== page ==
In August 2014, Call & Response, a group of seven Black women performers, from seven cities, presented their freshly minted, powerful works at a festival at Antioch College in Yellow Springs, Ohio. This in itself is remarkable. Antioch, after all, had not exactly been a hotbed of discourse and creativity for Black women prior to 2014.
In fact, the festival would never have happened if it weren’t for a professor named Gabrielle Civil, who made the unlikely choice of accepting an appointment there when she experienced the enthusiasm of the faculty who hired her. Part of her demand before accepting the position was that Antioch would hold a festival of Black women and performance.
Even more remarkable is the process by which these performances were generated. A month before the August festival, the women had convened to perform select pre-existing works and share ideas in service of their main artistic task: “to produce the Call, the collective prompt for artistic action, that would articulate [their] ideas about art making and catalyze … new performances.”
The core questions they asked: What would move us forward in Black feminist practice? What would it mean for us as Black women artists to claim joy?
Establishing the Call
The Call they ultimately birthed, and which underpinned the August performance, was dubbed “Experiments in Joy.” Its profound components are as follows:
- Tell the truth.
- Create something new.
- Let someone in.
I first learned about these Experiments at my 25th Yale reunion this past weekend, and I have been turning the components and the message over in my own head. While created for a specific community and purpose, the Call can spur all of us into our creativity and into action.
The Dangers of Achievement
Earlier in the weekend, my mom and I had met with an old friend of hers and my dad’s. This former Yale Admissions Officer shared that although his life looks wonderful objectively – he has a loving wife, financial stability, and a summer vacation house in Nova Scotia – he wakes up many mornings feeling sad and unmotivated. He self-identified as an “Eeyore,” the donkey character from Winnie the Pooh who complains about everything and sees very little hope for his life.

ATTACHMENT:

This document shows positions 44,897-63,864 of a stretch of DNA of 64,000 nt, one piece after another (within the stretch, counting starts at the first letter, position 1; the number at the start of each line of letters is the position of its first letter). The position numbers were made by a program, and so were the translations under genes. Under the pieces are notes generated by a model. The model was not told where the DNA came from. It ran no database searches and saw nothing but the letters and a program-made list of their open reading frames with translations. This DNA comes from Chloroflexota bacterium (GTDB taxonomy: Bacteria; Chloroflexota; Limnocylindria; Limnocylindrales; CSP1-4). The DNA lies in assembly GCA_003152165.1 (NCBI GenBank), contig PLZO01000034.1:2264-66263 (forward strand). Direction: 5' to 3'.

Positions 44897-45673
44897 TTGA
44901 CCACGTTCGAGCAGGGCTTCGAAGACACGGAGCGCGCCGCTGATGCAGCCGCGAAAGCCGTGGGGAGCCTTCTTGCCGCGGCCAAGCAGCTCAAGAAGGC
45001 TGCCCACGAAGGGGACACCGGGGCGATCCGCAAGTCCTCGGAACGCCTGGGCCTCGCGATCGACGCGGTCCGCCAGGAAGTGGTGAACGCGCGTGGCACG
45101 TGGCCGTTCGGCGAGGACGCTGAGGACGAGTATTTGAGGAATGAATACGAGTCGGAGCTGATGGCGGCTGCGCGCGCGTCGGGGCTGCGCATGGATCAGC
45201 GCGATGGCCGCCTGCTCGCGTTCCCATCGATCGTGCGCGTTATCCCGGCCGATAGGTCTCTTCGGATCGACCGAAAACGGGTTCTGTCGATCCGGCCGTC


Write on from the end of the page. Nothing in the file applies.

I told him about James Lawrence, a 39-year-old who decided he would race 50 Ironman races. Not just 50 in his lifetime, but 50 in 50 days! To make things really easy, he vowed to run these 50 Ironmans in 50 states. Did he complete his goal? You bet he did, even with an early injury that required him to swim some of the races with one arm. Amazing right?
“I bet he got really down after he completed those races,” said Eeyore. And in fact he was right. Mr. Lawrence has been struggling with his motivation since he completed the races.
Looking at the Experiment in Joy, I see that Lawrence covered numbers 2,3 and 4 of the Call but I’m not sure whether he did numbers 1 and 5. He repeated the Ironman 50 times but then stopped. And there was no particular truth telling that I know of at the foundation of his physical challenge. Thus, when it was over, he was left without joy.
Your Personal Experiment in Joy
I wonder what our Yale friend would create if he were to use the recipe for joy in the Call?
I wonder what I would create? I recognize that my blog is a creation that meets the Joy criteria. Each week I tell the truth about something, create an article that has never been written before, share it (let many people in), document it, and repeat the next week.
Notice the trick in the Call. That fifth element is the most important really. Creating something and being vulnerable about it will only bring joy for so long. It’s the repetition, the telling of a new truth, perhaps in a new way, that keeps the joy alive. I’ll be honest: Each week lately I have struggled with what to write in my blog, and I have often not come up with an idea until late Sunday night or even Monday morning, which is my deadline. But when I write something meaningful and new, I do feel joy. And I feel joy when people tell me I’ve given them tools they will use or insight into their own lives or a new way of approaching life.
I will be continuing to explore ways that I can respond to the Call to Joy in my life. What would your truth be? Your new creation? Where does your Joy reside?
Note: A more thorough explanation and account of the Call to Joy project can be found in volume 41 nos. 1-2 of the creative/scholarly journal Obsidian: Literature & Arts in the African Diaspora.